Through system calls, virtual memory mappings are affected by mmap(2), munmap(2), break(2), shmsys(2), mprotect(2), plock(2), mpin(2), munpin(2), memcntl(2), ptrace(2), and syssgi(2) commands such as SGI_ELFMAP (see part 3 of this series to learn about SGI_ELFMAP). For each of these system calls, if the operation is successful, the map entry list must be kept in sync.

Additionally, memory mappings can be affected by page fault handling. We have to handle these as well and maintain the map entries in sync within the share group each time a member makes a page fault. This is a primer on the NetBSD emulation subsystem, which has only been used to emulate system calls and signal handling so far.

We therefore had to write a per emulation page fault handling in the emulation subsystem. The goal is exactly the same as system call emulation: emulation independent code has some hooks to handle emulation specific behavior. The hook is usually done by using a pointer from struct emul, which points to some emulation specific function or data for each emulation. As an example, here is how the MIPS system call handler handles error codes (sys/arch/mips/mips/syscall.c:syscall_plain()):

if (p->p_emul->e_errno)
    error = p->p_emul->e_errno[error];

p is a pointer to the current process, and error the error code that the kernel wants to return to userland. e_errno is a field in struct emul which points to an emulation dependent array, defining the translation between native NetBSD error codes and emulated error codes.

Let us examine trap handling now. We introduced an e_fault field to struct emul which points to a function responsible for trap handling. Native NetBSD processes will want to use uvm_fault() and IRIX will want to use irix_vm_fault(), which is implemented in sys/compat/irix/irix_prctl.c. In the MIPS trap handler (sys/arch/mips/mips/trap.c), we have:

if (p->p_emul->e_fault) 
	rv = (*p->p_emul->e_fault)(p, va, 0, ftype);
	rv = uvm_fault(map, va, 0, ftype);

It is worth mentioning that the prototypes of irix_vm_fault() differ a bit from uvm_fault().

int irix_vm_fault __P((struct proc *, vaddr_t, vm_fault_t, vm_prot_t));
int uvm_fault __P((struct vm_map *, vaddr_t, vm_fault_t, vm_prot_t));

This is because we need the struct proc pointer in irix_vm_fault(), and changing uvm_fault() prototype would have caused too many invasive changes in NetBSD's virtual memory subsystem. Because there is no strong requirement to have the same prototype, we used a slightly different one. The struct vm_map pointer can be easily derived from struct proc (it is just p->p_vmspace->vm_map), so the struct proc can just replace the vm_map argument in the irix_vm_fault() prototype.

irix_vm_fault() just calls uvm_fault() and makes a virtual address space mapping sync across the share group. The next point is about how the actual sync is done. Whether requested from a memory related system call or from irix_vm_fault(), the sync is implemented by the irix_vm_sync() function (implemented in sys/compat/irix/irix_prctl.h).

irix_vm_sync() takes the struct proc pointer of the modified process as an argument. For each process in the share group, it unmaps shared regions and remaps them as in the modified process. The unmapping is done by uvm_unmap(9), and the copy of the modified process mapping is done by uvm_map_extract(9).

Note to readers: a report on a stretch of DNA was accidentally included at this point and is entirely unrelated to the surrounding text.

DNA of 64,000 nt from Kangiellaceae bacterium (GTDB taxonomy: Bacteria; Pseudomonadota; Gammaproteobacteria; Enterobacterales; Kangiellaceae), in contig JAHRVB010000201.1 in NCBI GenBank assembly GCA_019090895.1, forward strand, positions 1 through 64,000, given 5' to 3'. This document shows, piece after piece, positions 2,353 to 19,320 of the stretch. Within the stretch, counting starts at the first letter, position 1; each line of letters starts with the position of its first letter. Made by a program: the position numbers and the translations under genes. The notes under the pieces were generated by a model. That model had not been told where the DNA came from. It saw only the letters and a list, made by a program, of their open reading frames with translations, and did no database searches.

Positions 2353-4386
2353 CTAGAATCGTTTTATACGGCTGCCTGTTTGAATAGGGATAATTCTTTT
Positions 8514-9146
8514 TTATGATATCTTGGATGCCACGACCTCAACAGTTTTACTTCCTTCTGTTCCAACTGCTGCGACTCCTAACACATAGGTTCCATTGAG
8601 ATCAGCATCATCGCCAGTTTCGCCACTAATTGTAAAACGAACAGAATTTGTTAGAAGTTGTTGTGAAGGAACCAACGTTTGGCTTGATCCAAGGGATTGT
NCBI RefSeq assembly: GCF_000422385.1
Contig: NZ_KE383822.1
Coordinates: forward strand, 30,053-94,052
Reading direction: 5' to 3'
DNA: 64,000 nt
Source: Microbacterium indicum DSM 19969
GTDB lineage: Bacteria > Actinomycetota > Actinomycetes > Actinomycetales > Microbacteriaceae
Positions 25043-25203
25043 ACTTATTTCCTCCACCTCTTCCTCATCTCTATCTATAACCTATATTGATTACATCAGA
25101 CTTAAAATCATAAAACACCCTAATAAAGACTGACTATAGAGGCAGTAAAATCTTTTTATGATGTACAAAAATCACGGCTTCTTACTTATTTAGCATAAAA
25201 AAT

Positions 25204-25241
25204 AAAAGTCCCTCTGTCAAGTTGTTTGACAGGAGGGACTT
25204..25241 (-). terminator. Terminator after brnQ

We have to keep track of which region is shared and which region is private. This information could have been added to the VM map entries, but adding emulation specific data there is not a good practice. We therefore use a chained list whose head is in struct emuldata:

LIST_HEAD(ied_shared_regions, irix_shared_regions_rec)
    ied_shared_regions; /* list of (un)shared memory regions */

The irix_shared_regions_rec structure is defined in sys/compat/irix/irix_prct.h like this:

struct irix_shared_regions_rec {
    vaddr_t isrr_start;
    vsize_t isrr_len;
    int     isrr_shared;    /* shared or not shared */
    LIST_ENTRY(irix_shared_regions_rec) isrr_list; 

This list is modified when we create the PRDA and when the MAP_LOCAL option is requested in irix_sys_mmap(). When we modify the list, we have to compute region intersections to avoid having information about the same region twice. This is done through irix_isrr_insert() in sys/compat/irix/irix_prctl.c.

There is a debug function in the same file, irix_isrr_debug(), which is useful for checking what happens to the list. If the kernel is built with the DEBUG_IRIX option, this function is called each time the list is modified. Here is some output from the debug function, which helps to explain what is going on:

At process creation time:

isrr for pid 233
  addr = 0x0, len = 0x80000000, shared = 1

After the PRDA is created:

isrr for pid 233
  addr = 0x0, len = 0x200000, shared = 1
  addr = 0x200000, len = 0x1000, shared = 0
  addr = 0x201000, len = 0x7fdff000, shared = 1

After mapping some data with MAP_LOCAL:

isrr for pid 233
  addr = 0x0, len = 0x200000, shared = 1
  addr = 0x200000, len = 0x1000, shared = 0
  addr = 0x201000, len = 0x2fe0f000, shared = 1
  addr = 0x30010000, len = 0x5000, shared = 0
  addr = 0x30015000, len = 0x4ffeb000, shared = 1

With information from this list, irix_vm_sync() is able to perform the sync, sharing mappings only for shared regions. The code is getting quite complicated, but we are getting close to genuine IRIX behavior. irix_vm_sync() now has to compute the intersection of shared and private regions across the share group, and make the memory mapping synchronize accordingly.

We end with quite a horrible piece of code. On a plain page fault, we have to walk through multiple chained lists, which is a pain on the performance front. But we have no choice: we want to emulate an odd feature, so we get odd code.

In the next part, if I am courageous enough to write about it, we will look at the emulation of an IRIX pseudo-device driver that is used to implement pollable semaphores. This includes reverse engineering the driver entry points, since nearly no documentation is available about it, and, of course, implementing the driver in NetBSD.

Emmanuel Dreyfus is a system and network administrator in Paris, France, and is currently a developer for NetBSD.